Power cuts in the city, though presently reduced to two hours per day, could become the daily norm for months on end, with a few exceptions on and off depending on shifts in consumption pattern. They may, in fact, get worse from the second half of January next year and be their maximum in summer months, if the indications are anything to go by.
Initiated in the aftermath of participation of Singareni workers in the Telangana general strike, the power cuts have been recently reduced from the earlier four hours to two.
The strike was subsequently called off, but the load reliefs remained, first due to dearth of coal countrywide, and later due to the Kakatiya Thermal Power Project at Bhupalapally, Warangal, being taken away for maintenance.
“The power cuts in Hyderabad may be lifted if the Bhupalapally plant becomes operational. But nothing can be said with certainty about total lifting of the load reliefs. They may extend up to April-May,” says an official from the Central Discom.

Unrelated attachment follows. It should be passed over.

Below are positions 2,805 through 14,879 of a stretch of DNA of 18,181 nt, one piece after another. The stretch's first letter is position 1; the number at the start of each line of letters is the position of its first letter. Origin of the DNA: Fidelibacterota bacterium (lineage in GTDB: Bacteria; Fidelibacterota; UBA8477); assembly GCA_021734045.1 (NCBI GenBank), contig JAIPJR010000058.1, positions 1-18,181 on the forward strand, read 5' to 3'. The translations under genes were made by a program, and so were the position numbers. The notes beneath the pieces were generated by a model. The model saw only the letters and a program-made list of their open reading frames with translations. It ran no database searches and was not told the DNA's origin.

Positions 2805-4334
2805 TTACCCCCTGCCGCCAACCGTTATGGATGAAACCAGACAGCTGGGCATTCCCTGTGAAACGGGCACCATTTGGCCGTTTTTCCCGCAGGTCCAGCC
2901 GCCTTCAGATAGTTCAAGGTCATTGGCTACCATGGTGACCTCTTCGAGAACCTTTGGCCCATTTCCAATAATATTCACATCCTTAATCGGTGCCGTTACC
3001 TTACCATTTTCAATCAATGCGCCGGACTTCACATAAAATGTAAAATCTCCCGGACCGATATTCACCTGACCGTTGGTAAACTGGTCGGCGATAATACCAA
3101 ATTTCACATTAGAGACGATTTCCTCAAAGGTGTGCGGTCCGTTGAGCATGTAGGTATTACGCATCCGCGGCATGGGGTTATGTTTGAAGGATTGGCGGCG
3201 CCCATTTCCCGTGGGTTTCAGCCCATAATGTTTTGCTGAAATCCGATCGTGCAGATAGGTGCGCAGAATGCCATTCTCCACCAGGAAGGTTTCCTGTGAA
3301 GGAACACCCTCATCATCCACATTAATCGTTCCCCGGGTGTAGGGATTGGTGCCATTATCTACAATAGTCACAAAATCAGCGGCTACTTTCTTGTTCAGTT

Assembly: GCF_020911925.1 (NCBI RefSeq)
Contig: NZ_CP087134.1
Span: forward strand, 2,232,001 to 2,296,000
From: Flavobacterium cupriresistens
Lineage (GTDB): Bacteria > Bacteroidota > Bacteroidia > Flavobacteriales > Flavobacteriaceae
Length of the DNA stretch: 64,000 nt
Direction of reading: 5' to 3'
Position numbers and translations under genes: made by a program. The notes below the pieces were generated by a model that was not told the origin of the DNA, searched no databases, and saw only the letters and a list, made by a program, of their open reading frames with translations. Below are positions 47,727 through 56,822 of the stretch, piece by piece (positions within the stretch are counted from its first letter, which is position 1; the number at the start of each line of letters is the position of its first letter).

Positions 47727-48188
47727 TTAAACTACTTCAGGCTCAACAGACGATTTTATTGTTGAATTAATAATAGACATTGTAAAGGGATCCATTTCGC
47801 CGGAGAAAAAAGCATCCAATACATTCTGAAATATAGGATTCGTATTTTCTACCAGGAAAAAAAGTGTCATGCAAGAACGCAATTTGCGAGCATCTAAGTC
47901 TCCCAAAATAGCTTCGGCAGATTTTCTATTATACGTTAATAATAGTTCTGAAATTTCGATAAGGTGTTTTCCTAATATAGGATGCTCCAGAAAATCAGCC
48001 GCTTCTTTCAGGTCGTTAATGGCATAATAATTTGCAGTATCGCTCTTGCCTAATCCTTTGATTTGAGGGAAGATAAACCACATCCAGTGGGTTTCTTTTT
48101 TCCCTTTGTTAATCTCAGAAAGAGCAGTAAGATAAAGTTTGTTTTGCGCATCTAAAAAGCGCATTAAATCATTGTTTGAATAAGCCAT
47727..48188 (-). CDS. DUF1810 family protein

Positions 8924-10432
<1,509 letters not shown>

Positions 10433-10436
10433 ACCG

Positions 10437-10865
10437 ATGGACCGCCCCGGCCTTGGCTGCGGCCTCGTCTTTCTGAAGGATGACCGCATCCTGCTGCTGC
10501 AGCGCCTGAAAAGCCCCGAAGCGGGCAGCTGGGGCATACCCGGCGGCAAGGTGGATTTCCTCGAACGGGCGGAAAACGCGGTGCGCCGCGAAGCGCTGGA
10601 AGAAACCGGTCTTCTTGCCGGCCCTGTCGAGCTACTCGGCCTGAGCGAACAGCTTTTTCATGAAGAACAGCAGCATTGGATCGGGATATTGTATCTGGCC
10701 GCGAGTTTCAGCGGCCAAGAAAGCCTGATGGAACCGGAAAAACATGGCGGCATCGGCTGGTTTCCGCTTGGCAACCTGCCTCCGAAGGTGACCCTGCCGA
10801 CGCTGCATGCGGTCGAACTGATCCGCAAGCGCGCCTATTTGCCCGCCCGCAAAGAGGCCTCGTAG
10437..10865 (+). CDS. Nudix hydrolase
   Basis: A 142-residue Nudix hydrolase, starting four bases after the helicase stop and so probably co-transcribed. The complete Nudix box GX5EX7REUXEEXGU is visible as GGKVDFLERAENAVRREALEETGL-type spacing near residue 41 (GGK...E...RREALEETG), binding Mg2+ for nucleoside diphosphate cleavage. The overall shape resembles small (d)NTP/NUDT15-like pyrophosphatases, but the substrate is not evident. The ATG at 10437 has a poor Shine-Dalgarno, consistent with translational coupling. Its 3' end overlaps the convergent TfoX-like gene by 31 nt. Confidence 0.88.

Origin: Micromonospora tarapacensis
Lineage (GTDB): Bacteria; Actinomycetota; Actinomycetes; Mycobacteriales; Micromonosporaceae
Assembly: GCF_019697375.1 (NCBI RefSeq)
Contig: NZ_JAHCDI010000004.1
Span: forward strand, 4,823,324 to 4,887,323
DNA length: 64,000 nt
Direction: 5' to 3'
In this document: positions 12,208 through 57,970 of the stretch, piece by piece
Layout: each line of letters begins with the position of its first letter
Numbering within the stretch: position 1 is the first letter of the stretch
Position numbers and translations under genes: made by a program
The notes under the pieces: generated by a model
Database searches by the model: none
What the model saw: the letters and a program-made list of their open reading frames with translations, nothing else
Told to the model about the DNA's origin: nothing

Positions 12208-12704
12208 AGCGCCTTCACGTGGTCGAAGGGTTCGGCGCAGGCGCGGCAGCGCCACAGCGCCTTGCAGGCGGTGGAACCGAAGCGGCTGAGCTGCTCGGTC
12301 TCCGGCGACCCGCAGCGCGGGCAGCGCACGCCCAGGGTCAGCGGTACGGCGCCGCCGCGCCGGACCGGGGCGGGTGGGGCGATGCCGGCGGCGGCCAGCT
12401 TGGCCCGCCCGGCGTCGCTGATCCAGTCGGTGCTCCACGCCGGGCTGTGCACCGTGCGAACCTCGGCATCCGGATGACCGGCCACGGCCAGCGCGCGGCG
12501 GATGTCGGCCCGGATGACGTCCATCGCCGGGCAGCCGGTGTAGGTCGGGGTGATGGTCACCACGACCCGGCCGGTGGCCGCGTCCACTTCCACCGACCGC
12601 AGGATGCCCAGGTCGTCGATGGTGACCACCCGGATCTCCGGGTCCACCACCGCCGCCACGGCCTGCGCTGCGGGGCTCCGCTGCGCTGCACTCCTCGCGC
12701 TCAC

Scanty rainfall this year has added to the woes. With groundwater touching low, the hours of pump-set usage have increased considerably in Telangana and Rayalaseema regions.
As of now, the Greater Hyderabad region is experiencing shortage of 200 to 250 Megawatts during daytime, officials informed.
The situation is poised to get worse. According to estimates by APTransco three months ago, the State will begin to face power crunch from the mid-January itself, reaching its worst in March, 2012, when power to the extent of 1250-MW will need to be tied up from outside.
Industrial and domestic load reliefs may become inevitable unless substantial relief comes by way of power purchases.
NTPC may withdraw its additional allocation from next month and hydel power too might not come in handy as it was already used extensively during strike period, say officials.The Hindu